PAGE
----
Barber said his biggest challenge to date was Enterprise’s collapse due to its sheer scale as well as a lot of policies being sub-broked. The insurer also failed with little notice, had a varied book that included motor policies and was running off a jewellery book. 

Alpha’s latent defect insurance book was also challenging because the FSCS could not find another market for the value of those policies in the interest of continuity, which meant that customers premiums had to be returned, on top of not being able to trace all of its customers.

Another problem is that many customers do not know who they are insured by because some policies are white labelled meaning the the insurer sits behind the policy. 

The levy

Overall, the FSCS pays out around £140m per year and is levy-funded by the insurance industry.

It is also involved in recovering money from failed estates that it can then offset against its levy. Barber says it recovered £80m from Independent Insurance after it failed in 2001. However, it is still dealing with the fall-out from the collapse. 

Staddon added: “While we do not expect our insurance partners to be deemed ’in default’ there is, none the less, an expectation on all intermediaries, brokers and MGAs alike, that they should seek to protect the end consumer. One way of doing this is for brokers and MGAs to accept that obtaining the relevant data is sound business practice and ensures that FSCS can perform its duties as expected and laid down in the event that they deem an insurer to be in default.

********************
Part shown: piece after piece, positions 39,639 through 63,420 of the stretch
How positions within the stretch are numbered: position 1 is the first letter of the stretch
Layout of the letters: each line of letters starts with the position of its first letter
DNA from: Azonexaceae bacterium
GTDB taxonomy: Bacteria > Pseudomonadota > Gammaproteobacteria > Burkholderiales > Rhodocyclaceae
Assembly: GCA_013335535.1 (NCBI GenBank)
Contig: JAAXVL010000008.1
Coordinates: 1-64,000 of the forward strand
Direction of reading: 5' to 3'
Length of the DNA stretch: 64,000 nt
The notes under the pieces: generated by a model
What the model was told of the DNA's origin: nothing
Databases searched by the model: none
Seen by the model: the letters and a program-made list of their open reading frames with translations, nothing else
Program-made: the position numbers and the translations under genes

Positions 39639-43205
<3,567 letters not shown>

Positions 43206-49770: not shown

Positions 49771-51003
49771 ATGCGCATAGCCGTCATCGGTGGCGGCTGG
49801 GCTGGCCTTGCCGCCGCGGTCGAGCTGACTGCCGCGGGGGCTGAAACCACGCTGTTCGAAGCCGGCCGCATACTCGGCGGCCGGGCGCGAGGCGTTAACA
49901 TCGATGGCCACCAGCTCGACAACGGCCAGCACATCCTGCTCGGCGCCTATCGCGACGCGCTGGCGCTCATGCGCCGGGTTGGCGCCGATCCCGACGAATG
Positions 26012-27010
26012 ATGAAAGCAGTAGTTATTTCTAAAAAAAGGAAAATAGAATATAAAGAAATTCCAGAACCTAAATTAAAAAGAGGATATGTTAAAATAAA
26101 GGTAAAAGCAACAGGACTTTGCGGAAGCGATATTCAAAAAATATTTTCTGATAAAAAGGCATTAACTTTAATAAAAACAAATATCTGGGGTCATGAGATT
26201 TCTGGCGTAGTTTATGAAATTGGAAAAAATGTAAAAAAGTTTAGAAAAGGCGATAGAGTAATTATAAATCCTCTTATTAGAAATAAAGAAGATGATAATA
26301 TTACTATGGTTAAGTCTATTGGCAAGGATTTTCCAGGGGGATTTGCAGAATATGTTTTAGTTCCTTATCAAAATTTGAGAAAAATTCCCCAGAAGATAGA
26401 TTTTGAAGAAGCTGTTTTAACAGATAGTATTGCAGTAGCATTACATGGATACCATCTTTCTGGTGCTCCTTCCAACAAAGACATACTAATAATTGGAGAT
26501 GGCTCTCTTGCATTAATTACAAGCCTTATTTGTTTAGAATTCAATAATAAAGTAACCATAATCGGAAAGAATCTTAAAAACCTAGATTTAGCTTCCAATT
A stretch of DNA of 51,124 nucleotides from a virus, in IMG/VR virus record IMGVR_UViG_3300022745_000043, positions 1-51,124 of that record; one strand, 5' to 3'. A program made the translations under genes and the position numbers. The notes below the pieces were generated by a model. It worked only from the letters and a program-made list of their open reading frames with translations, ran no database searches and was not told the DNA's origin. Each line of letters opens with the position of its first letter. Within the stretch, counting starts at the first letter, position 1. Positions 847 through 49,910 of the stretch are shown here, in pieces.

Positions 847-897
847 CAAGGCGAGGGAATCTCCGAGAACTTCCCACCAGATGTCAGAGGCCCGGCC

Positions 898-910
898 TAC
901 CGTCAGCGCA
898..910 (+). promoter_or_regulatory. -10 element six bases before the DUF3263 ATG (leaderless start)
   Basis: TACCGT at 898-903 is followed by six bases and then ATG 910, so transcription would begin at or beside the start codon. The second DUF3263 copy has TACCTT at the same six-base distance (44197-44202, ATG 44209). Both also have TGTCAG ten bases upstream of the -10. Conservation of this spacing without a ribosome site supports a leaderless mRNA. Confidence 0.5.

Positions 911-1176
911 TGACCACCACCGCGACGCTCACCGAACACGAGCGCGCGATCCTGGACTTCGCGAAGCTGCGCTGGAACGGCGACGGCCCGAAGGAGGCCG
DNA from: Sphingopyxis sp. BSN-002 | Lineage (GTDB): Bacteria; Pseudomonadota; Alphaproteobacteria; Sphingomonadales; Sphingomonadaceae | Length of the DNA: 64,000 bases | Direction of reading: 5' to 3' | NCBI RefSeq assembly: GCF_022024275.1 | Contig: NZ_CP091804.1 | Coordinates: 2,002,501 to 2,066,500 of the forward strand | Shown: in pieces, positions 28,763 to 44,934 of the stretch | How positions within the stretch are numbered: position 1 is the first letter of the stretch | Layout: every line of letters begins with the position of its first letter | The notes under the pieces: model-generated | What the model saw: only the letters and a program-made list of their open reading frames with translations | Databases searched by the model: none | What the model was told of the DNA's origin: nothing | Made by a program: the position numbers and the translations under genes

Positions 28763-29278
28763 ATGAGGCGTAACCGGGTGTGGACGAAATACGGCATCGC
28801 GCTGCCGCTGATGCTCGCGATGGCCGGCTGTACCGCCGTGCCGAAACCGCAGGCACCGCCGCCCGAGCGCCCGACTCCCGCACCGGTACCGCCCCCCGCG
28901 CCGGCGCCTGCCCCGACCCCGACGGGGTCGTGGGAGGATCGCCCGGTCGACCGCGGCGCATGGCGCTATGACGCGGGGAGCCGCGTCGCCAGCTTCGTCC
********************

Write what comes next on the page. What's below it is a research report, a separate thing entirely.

”When considering the refund of premium as a result of an insurer default, there is an expectation that the consumer will be reimbursed, within a specific time period, for the unused portion of the insurance premium. While the broker would no doubt be in a position to replace insurance coverage, the insured would be facing the additional cost to replace their insurance policy. By providing the FSCS with the appropriate contract details they would be able to adhere to their obligations and the policyholder would receive the appropriate return of premium.”

What does the FSCS do?

It is a non-profit making independent body with a mission to provide a trusted compensation service for customers. It aims to raise public confidence in the financial services industry as well as protect consumers. Funded by a levy on financial services firms, the FSCS is the last resort for customers of authorised financial services firms.